Across the Atlantic by Vimy

This happened a week ago, but it's rather cool - a re-enactment of the first non-stop flight across the Atlantic by the British airmen Alcock and Brown in June 1919. They used a modified Vickers Vimy, a two-engined aircraft designed for bombing German cities. The Vimy was never used in this role, but a flight of just over 3000 km surely proved its potential - even if Brown had to keep climbing out onto the wings to remove ice from the engines! Also of note is that in completing the flight, they won the last of the Daily Mail's aviation prizes designed to promote innovation and airmindedness, a handsome £10000 - Lord Northcliffe's final legacy to aviation. (Earlier prizes included £1000 for the first aerial crossing of the English Channel, which was won by Louis Bleriot in 1909; the modern Ansari X-Prize is an astronautical version of the same idea.) The re-enactment used a beautiful replica Vimy.

1919 was a busy year for trans-Atlantic flights (compared to all the previous years, anyway). Alcock and Brown's flight overshadows the crossing made by the US Navy's NX-4 flying boat the previous month (which wasn't non-stop, and took 19 days), as well as the Royal Navy airship R34's double crossing the following month (ie there and back again). But then Alcock and Brown are themselves overshadowed by Lindbergh's non-stop flight from New York to Paris in 1927, admittedly a much longer distance of 5800 km.

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9 thoughts on “Across the Atlantic by Vimy

  1. Good spot, Brett. I was privileged to see the same Vimy leave Farnborough on its recreation of the flight to Australia in 1994, and this aircraft also undertook the Vimy types third record to South Africa - the three pioneering efforts requiring at least five original Vimys! So the replica certainly achieved a lot and has just entered worthy retirement at Brooklands late this year.

    I'm afraid that the story of Brown climbing onto the wings is almost certainly a myth, due to a misunderstanding in reports over the instruments' position that Brown was clearing. We covered that recently in the Aircrew feature I write on for Aeroplane magazine, in the June 2009 issue and Ian Bott, the illustrator showed Brown climbing onto the fuselage decking aft of the cockpit.

    As author Brendan Lynch, acknowledging the research help of an un-named curator at the Science Museum, said of Brown:
    "He stood up in cockpit and swivelled around in confined space - painful for a man with his wartime leg injuries - and cleared (several times) snow from fuel-overflow gauge on a strut a metre above his head."

    The flight was a a great achievement, as was Lindbergh's and the 91 people before him and Amelia Earhart afterwards. The solo flights I'd suggest were personal achievements of limited route-finding use, while Alcock's "Yesterday I was in America - and I'm the first man in history to say that!" summarised how much they had broken ground for intercontinental flight. The men of the USN in the Nancy Boats shouldn't be overlooked, though, and the Smithsonian has loaned the imposing NC-4 to the National Museum of US Naval Aviation, where it is an impressive exhibit.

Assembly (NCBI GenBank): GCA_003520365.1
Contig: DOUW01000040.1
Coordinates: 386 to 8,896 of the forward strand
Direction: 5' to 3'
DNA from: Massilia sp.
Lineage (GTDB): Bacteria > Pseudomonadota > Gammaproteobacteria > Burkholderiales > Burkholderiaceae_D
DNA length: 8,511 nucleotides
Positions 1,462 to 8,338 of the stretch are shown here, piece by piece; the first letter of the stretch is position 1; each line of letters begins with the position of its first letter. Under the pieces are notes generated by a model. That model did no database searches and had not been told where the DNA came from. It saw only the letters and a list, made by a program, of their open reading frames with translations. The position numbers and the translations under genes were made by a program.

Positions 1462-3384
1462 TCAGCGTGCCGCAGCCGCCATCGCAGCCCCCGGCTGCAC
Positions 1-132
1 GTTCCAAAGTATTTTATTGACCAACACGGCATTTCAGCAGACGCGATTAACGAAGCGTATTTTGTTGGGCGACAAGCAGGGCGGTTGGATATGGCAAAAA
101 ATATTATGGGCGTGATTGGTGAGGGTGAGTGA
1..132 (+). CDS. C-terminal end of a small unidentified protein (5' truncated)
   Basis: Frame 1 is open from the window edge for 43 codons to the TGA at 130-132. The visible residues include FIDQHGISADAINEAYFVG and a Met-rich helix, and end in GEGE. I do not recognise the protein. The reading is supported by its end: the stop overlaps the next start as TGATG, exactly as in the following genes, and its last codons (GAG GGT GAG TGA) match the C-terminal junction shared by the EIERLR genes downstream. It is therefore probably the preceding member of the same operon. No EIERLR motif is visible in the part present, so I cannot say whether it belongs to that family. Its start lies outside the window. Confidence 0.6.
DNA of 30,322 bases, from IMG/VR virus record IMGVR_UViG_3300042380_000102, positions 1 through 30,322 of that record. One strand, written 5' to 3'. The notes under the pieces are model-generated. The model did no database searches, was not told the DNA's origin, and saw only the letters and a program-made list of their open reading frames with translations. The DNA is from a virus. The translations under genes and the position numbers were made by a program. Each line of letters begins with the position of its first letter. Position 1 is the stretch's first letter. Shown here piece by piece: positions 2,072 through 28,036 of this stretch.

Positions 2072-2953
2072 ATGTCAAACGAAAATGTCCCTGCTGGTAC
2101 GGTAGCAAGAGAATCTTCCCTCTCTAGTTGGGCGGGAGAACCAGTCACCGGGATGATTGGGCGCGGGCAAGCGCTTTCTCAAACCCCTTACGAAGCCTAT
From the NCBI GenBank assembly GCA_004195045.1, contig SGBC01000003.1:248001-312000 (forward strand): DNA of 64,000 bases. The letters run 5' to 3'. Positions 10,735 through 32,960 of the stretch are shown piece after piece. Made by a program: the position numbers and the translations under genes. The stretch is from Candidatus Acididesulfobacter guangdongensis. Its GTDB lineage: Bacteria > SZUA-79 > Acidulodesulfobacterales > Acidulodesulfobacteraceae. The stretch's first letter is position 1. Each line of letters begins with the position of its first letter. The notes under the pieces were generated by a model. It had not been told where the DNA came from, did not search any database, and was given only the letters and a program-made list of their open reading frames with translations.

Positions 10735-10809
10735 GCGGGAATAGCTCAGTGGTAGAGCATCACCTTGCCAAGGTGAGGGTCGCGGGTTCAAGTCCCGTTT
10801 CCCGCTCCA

A mean game to play with people who think they know their aviation history is to get the achievements correct: The credits read: first across the Atlantic by Air - US Navy NC-4; First non-stop across the Atlantic - Alcock & Brown; first solo non stop - Lindbergh.


  2. I've never added up 'The 91 Before Lindbergh'*, but it would be an interesting exercise, perhaps?

    Most stylish crossing - Balbo & Co.

    Maybe this could be Mornington Crescent for Aviation buffs? I'll claim the Azores diversion rule, with the Newfoundland Start variation. :-D


    *The 91 Before Lindbergh by Peter Allen, Airlife, 1984.

  3. Chris Williams

    Coolest arrival - Major Pritchard, who travelled east-west a couple of hours before everyone else, and did so by airship and parachute. He was only the third man to make a non-stop crossing by air in either direction.

    About a third of the 91 are the crew of R34, including the First Stowaway (airman Ballantyre - washed dishes and pumped ballast after discovering, then was returned by ship) and the First Kitten (stowed away with First Stowaway - allowed to return by air, IIRC)

    I'd like to add that the R34 crew also had time to wash and shave before arrival (whilst Pritchard was doing his thing briefing the ground crew) and thus ought to be nominated for some sort of special personal hygene award.

    You can see where I'm coming from here, can't you? In 1919 LTA allowed you to arrive in style, had enough lift to spare to allow a stowaway (try that in an NC4), and could do the return journey in the time it took to lift A&B's Vimy from its bog. _That's_ the hi-tech of 1919.

  4. Chris Williams

    PS Ballantyne's Diversion rules do _not_ apply over the Christmas period in 'First 91 Mornington Crescent'

  5. Post author

    The thing about Lindbergh, though, was that he took off from an airfield and landed at an airfield (as opposed to a bog), and it was the one he was planning to land at. It was the transatlantic equivalent of calling your shots in pool.

  6. Fair comment. However he got famous for being solo and well, cute.

    Another aviation trivia item is what do the Wright Bros, Bleriot and Alcock & Brown have in common with their records?

    A: They all crash-landed on arrival.

  7. Chris Williams

    When did the international association set the rule that if you crashed it didn't count? It must have still been in force in 1961, because that was apparently why the USSR lied about Yuri Gagarin riding his capsule all the way down, rather than ejecting like the other Vostok cosmonauts.

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